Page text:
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Schumer Announces Senate Democrats Will Soon Force Senate Vote To Terminate The National Emergency Declaration President Trump Is Using To Steal Funds From Military Construction Projects To Pay For Expensive, Ineffective Border Wall He Promised Mexico Would Pay For

Washington, D.C. – Senate Democratic Leader Chuck Schumer in a floor statement today said Senate Democrats will soon introduce a joint resolution to terminate President Donald Trump’s emergency declaration that he has used to steal funding from 127 military projects in an attempt to fund the expensive, ineffective southern border wall that the president repeatedly promised Mexico would pay to build. Leader Schumer said that Senate Democrats will force a vote in the coming weeks to block President Trump from using special emergency powers to transfer money from military base construction projects like new schools, child care centers, and an engineering center at West Point to pay for border construction in defiance of the will of Congress.

Under the National Emergencies Act of 1976, Congress can vote every six months on a resolution to terminate a president’s emergency declaration. The last vote was on March 14th, 2019 when 59 Senators, including 12 Republicans and every Senate Dem voted to terminate the emergency declaration.

Leader Schumer’s remarks can be found here and below:

I begin this morning with some news for my colleagues on both sides of the aisle. As stipulated by the National Emergencies Act, Democrats will once again force a vote to terminate the president’s national emergency declaration. The provisions of the National Emergency Act dictate that the resolution of disapproval be privileged, and therefore must be voted upon.

As everyone no doubt remembers, the Trump administration declared a national emergency in February of this year after Congress repeatedly denied the president funding for the construction of a border wall that he promised Mexico would pay for. A few weeks ago, the administration released the list of military construction projects it’s planned on canceling in order to steal money for the president’s wall.

The president’s national emergency declaration was, and is, an outrageous power grab by a president who refuses to respect the constitutional separation of powers.

I say to all of my colleagues: This issue rises to a large and vital constitutional issue: does our country truly have checks and balances, particularly when we have such an overreaching president? We all must consider the dangerous precedent this would set if presidents may declare national emergencies every time their initiatives fail in Congress. It is outrageous. There’s balance of powers. The president failed in Congress. He didn’t say it was an emergency then, but  he uses the national emergency law, which is intended for true national emergencies—floods, states of war—and then overrules the will of the people as voiced in the Congress. This is so wrong.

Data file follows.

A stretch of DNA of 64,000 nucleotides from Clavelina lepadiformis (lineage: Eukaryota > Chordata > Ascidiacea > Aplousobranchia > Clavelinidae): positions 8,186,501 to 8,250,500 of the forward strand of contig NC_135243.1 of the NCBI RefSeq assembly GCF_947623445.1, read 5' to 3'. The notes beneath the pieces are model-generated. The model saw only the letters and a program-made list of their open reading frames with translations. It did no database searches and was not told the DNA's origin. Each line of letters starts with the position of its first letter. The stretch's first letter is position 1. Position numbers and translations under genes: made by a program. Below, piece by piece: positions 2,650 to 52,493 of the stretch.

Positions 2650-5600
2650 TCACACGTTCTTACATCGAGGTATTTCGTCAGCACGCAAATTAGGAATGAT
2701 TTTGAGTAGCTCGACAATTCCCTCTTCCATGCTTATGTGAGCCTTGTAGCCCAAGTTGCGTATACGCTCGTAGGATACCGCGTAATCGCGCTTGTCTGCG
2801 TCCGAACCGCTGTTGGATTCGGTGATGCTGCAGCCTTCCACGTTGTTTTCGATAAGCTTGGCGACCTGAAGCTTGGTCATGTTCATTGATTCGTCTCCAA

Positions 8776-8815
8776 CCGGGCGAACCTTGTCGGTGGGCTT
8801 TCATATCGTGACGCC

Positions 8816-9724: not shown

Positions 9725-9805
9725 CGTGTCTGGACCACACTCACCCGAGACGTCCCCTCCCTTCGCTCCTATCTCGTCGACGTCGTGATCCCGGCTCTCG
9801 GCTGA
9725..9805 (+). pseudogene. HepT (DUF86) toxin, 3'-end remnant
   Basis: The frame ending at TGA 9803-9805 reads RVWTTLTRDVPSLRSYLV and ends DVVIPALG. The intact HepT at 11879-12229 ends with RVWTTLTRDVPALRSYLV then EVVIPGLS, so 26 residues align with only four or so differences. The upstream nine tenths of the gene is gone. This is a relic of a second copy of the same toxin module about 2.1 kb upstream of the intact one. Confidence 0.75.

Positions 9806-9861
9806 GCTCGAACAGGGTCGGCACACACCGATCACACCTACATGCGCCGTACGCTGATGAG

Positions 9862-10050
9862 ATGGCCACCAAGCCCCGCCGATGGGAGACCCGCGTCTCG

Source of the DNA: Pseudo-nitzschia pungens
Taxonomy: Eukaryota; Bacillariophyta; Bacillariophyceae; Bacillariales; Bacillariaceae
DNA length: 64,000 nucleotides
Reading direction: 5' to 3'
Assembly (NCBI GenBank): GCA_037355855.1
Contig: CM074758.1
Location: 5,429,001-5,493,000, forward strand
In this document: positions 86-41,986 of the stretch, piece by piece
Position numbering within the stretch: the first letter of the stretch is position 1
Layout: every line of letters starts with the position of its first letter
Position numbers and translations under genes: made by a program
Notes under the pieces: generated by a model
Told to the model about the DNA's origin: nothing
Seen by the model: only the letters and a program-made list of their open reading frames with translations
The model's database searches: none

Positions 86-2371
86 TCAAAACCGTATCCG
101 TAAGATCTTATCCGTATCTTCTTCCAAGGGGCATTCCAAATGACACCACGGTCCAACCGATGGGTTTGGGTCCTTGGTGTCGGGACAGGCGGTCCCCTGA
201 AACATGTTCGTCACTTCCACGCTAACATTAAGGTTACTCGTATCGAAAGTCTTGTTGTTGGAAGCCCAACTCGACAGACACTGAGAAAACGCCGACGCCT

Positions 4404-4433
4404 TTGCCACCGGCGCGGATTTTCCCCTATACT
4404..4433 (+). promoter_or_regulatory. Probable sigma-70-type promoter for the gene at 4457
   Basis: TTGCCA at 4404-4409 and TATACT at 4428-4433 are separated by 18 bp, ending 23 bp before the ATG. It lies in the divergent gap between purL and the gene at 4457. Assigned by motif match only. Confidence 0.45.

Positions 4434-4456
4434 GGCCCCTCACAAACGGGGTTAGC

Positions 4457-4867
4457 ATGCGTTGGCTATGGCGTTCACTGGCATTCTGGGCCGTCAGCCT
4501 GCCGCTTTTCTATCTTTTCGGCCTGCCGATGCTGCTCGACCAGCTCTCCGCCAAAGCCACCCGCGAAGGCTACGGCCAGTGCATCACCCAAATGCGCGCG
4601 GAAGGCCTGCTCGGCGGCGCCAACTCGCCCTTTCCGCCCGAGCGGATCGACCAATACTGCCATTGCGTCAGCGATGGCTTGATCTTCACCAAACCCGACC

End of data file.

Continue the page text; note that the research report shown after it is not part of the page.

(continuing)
The president has very clearly attempted to usurp the power of the purse—given exclusively to Congress by the Constitution—by taking funding from projects we’ve approved and giving it to projects we have repeatedly declined to approve. This goes to our democracy. This goes to how the Founding Fathers set up that delicate balance. We have never had such a president overreach on an emergency basis.

The recourse for such a brazen power grab should be an overwhelming bipartisan vote in the Congress to terminate the emergency declaration and re-assert our constitutional authority. Most of my colleagues know this is wrong. In fact, when we had a vote last time, 59 Senators, including a good number of Republicans, voted against the emergency. And you know what adds insult to injury? Who was the president stealing the money from? Our military. Projects that protect our nation, support military families, local economies, local schools. The Trump administration has proposed pilfering funds from projects in twenty-three states, three U.S. territories, and military installations in twenty countries, including $80 million from projects in North Carolina, $30 million in Arizona…even a middle school in Kentucky. How do we say to the men and women who risk their lives for us, and whose families sacrifice, that we’re taking their money away? That the president’s taking their money away, and we’re going to shrug our shoulders. Not this member. Not this Senator. Not, I believe, every Senator on our side. Not a whole bunch on their side, on the Republican side. We need some more people to join us. I hope we’ll see even a larger majority stand up for both the Constitution and the military and its military members and families.

Democrats and Republicans alike should vote to terminate the president’s national emergency declaration. And you can be sure, we will make sure that everyone will have a chance to do so within the next month. If we don’t do it, how many more emergencies will the president declare? Who else will he take money from and use it for purposes that he wants but that Congress doesn’t and the American people are largely opposed to?